I had practiced my speech for that day for a long time, as had PJ with his speech. I was first to speak. I spoke for about ten minutes, but it felt much shorter because I was so nervous. My heart was racing and I could feel the sweat on my arms. I spoke about my experience and my plans for the student council’s upcoming year. I repeated that I had nothing bad to say about PJ and that he was my best friend, at least three times. I could tell by the applause that only a small portion of the crowd actually understood everything I had said. As I expected, PJ made a good speech and I lost the election. My advisor said I had done an excellent job and that she hoped I would return to my position in the council, for the fifth year in a row. The first thing I did after she said that was that I went to congratulate PJ. We both knew our friendship was much more important than any election.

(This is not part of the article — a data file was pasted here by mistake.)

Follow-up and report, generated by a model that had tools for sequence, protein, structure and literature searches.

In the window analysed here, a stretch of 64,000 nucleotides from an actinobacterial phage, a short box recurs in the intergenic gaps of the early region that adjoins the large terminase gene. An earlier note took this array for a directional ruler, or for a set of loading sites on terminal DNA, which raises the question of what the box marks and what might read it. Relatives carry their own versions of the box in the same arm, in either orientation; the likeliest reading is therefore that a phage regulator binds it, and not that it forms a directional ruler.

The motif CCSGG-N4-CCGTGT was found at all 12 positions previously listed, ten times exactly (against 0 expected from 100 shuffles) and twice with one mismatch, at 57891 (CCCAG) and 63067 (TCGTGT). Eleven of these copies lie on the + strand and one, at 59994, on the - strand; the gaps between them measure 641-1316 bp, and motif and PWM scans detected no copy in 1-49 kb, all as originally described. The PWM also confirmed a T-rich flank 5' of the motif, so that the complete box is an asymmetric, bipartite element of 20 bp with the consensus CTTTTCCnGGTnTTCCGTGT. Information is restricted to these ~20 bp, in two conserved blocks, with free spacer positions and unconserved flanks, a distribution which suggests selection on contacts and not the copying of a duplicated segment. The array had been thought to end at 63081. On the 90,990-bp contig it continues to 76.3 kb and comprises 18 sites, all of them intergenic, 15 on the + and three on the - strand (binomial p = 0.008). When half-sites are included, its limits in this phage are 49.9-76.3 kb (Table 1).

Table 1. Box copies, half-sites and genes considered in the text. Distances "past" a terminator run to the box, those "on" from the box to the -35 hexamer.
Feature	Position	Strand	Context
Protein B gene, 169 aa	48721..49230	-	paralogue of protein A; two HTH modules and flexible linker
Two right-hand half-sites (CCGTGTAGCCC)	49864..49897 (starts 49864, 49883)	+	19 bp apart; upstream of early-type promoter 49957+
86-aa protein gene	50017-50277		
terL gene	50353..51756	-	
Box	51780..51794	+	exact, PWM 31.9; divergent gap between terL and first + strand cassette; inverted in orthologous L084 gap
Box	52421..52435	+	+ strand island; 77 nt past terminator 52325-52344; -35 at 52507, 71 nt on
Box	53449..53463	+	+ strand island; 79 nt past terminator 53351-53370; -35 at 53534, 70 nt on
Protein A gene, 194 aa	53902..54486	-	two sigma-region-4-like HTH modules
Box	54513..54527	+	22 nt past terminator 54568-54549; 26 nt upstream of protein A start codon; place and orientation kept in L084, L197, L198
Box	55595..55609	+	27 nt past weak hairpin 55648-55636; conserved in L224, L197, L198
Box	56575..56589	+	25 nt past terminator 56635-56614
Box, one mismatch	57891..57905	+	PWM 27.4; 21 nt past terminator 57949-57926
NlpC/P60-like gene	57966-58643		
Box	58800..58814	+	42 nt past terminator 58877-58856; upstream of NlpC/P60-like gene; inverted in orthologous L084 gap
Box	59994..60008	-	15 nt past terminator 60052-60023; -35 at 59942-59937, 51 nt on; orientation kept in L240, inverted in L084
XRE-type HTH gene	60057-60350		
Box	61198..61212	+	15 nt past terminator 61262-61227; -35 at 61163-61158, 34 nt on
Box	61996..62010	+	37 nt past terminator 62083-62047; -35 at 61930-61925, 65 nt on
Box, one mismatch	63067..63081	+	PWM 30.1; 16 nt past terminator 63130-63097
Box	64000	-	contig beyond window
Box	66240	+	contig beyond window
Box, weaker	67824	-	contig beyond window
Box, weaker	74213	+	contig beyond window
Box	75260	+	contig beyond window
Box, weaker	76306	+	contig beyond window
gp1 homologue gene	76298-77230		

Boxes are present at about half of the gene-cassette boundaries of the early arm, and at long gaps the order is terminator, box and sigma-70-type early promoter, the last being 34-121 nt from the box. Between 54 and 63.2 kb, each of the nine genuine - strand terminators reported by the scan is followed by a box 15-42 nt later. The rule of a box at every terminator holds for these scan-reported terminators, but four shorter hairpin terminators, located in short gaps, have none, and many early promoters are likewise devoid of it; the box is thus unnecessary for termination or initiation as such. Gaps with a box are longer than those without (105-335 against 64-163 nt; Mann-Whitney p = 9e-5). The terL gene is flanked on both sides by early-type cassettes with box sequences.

The next year I came back as a representative. PJ actually said to me once that he wished I’d run for vice president. Consequently, as a returning council member I helped PJ as much as I could. PJ did not like his vice president, so I was given the chance to act like the vice president in every way except in title. PJ had a successful presidency and our attention turned to graduation.
I was lucky enough to be the valedictorian of the senior class. One of the responsibilities is to deliver an address to the audience at the graduation ceremony. I started to find confidence on the night I graduated and gave the speech. I consider this the night I began down the road to all the other accomplishments in my life, up to this point. I worked on the speech for months with the help of my English teacher. When I finally got the writing quality up to where I wanted it, I started practicing it with my speech therapist. I did this for a few more months. I was reasonably confident that I would deliver the speech as well as I could. Eventually I had practiced the speech so many times that I could recite it from memory. The night before the speech I could not sleep because I was too nervous. This would be the biggest crowd I’d ever spoken to, but my mind kept coming back to the student council election…if only I had spoken more clearly, I might have done better.